Article Abstract

Incidence and clinical relevance of non-small cell lung cancer lymph node micro-metastasis detected by staging endobronchial ultrasound-guided transbronchial needle aspiration

Authors: Adam R. Belanger, Johnathan Hollyfield, Gabriella Yacovone, Agathe S. Ceppe, Jason A. Akulian, A. Cole Burks, M. Patricia Rivera, Leslie G. Dodd, Jason M. Long, Benjamin E. Haithcock, Chad V. Pecot

Abstract

Background: Approximately twenty percent of lymph node (LN) negative non-small cell lung cancer (NSCLC) patients who undergo curative intent surgery have pan-cytokeratin immunohistochemistry (IHC)-detectable occult micro-metastases (MMs) in resected LNs. The presence of the MMs in NSCLC is associated worsened outcomes. As a substantial proportion of NSCLC LN staging is conducted using endobronchial ultrasound-guided transbronchial needle aspiration (EBUS-TBNA), we sought to determine the frequency of detection of occult MMs in EBUS-TBNA specimens and to evaluate the impact of MMs on progression-free and overall survival.
Methods: We performed retrospective IHC staining for pan-cytokeratin of EBUS-TBNA specimens previously deemed negative by a cytopathologist based on conventional hematoxylin and eosin staining. The results were correlated with clinical variables, including survival outcomes.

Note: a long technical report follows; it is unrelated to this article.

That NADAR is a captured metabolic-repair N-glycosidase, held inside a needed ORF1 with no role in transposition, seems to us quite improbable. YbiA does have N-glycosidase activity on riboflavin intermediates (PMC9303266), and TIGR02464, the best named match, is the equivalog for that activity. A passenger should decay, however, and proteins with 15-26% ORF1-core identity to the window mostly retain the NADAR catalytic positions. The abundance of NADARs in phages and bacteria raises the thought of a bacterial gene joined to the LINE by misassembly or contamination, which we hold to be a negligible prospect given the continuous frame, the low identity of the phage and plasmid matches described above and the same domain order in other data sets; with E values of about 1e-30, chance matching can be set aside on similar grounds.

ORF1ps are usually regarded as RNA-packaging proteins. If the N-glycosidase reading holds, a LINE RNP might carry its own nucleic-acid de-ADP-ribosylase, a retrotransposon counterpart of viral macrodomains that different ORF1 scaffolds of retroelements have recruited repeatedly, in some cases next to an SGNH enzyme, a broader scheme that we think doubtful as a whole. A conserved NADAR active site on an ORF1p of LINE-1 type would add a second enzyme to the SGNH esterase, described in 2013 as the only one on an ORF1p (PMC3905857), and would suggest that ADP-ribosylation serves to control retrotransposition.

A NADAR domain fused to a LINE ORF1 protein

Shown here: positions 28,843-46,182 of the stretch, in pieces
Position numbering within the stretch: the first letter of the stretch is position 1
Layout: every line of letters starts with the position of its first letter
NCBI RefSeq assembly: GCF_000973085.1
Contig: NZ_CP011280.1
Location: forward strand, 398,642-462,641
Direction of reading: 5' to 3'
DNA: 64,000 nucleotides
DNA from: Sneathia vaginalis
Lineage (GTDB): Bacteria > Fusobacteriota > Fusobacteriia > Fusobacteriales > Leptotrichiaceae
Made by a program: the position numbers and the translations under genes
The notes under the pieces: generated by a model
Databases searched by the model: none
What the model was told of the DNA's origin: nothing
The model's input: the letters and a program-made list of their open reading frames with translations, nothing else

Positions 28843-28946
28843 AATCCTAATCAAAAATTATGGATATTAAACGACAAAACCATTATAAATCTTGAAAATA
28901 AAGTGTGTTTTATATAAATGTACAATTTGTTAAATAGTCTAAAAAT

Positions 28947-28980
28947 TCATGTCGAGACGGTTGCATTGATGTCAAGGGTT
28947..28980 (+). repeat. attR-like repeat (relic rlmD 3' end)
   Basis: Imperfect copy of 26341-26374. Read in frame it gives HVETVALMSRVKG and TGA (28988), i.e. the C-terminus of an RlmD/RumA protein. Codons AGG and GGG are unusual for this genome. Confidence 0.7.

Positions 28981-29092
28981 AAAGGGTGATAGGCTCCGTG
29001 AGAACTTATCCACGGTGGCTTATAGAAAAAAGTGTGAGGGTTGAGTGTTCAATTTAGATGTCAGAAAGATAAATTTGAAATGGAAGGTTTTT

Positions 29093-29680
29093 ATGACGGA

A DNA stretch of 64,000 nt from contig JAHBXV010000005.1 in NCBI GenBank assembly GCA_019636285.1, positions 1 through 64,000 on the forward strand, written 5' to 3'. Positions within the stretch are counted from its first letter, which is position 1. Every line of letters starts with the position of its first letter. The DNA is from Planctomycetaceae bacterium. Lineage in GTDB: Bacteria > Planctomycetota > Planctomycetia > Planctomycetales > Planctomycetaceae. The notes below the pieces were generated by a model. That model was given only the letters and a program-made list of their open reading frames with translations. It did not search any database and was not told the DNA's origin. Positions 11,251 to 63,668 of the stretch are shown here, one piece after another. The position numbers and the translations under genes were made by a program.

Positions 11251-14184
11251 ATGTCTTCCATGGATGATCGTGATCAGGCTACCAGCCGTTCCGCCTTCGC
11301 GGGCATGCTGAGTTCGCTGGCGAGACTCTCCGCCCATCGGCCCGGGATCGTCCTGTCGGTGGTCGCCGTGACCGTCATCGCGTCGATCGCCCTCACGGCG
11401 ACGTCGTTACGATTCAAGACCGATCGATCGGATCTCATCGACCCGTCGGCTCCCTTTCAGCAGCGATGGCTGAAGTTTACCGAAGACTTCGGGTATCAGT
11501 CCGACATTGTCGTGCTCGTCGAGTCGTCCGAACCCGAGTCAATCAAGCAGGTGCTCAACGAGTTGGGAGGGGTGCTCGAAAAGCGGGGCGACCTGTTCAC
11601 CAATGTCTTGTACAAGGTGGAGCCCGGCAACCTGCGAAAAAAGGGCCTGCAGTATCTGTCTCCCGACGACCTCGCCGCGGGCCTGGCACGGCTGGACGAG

Results: Of 887 patients screened, 44 patients were identified meeting inclusion criteria with sufficient additional tissue for testing. With respect to the time of the EBUS-TBNA procedure, 52% of patients were clinical stage I, 34% clinical stage II, and clinical 14% stage IIIa NSCLC. Three patients (6.8%) were found to have cytokeratin positive MMs. All 3 MMs detected were at N2 LN stations. The presence of MMs was associated with significantly decreased progression-free (median 210 vs. 1,293 days, P=0.0093) and overall survival (median 239 vs. 1,120 days, P=0.0357).
Conclusions: Occult LN MMs can be detected in EBUS-TBNA specimens obtained during staging examinations and are associated with poor clinical outcomes. If prospectively confirmed, these results have significant implications for EBUS-TBNA specimen analyses and possibly for the NSCLC staging paradigm.

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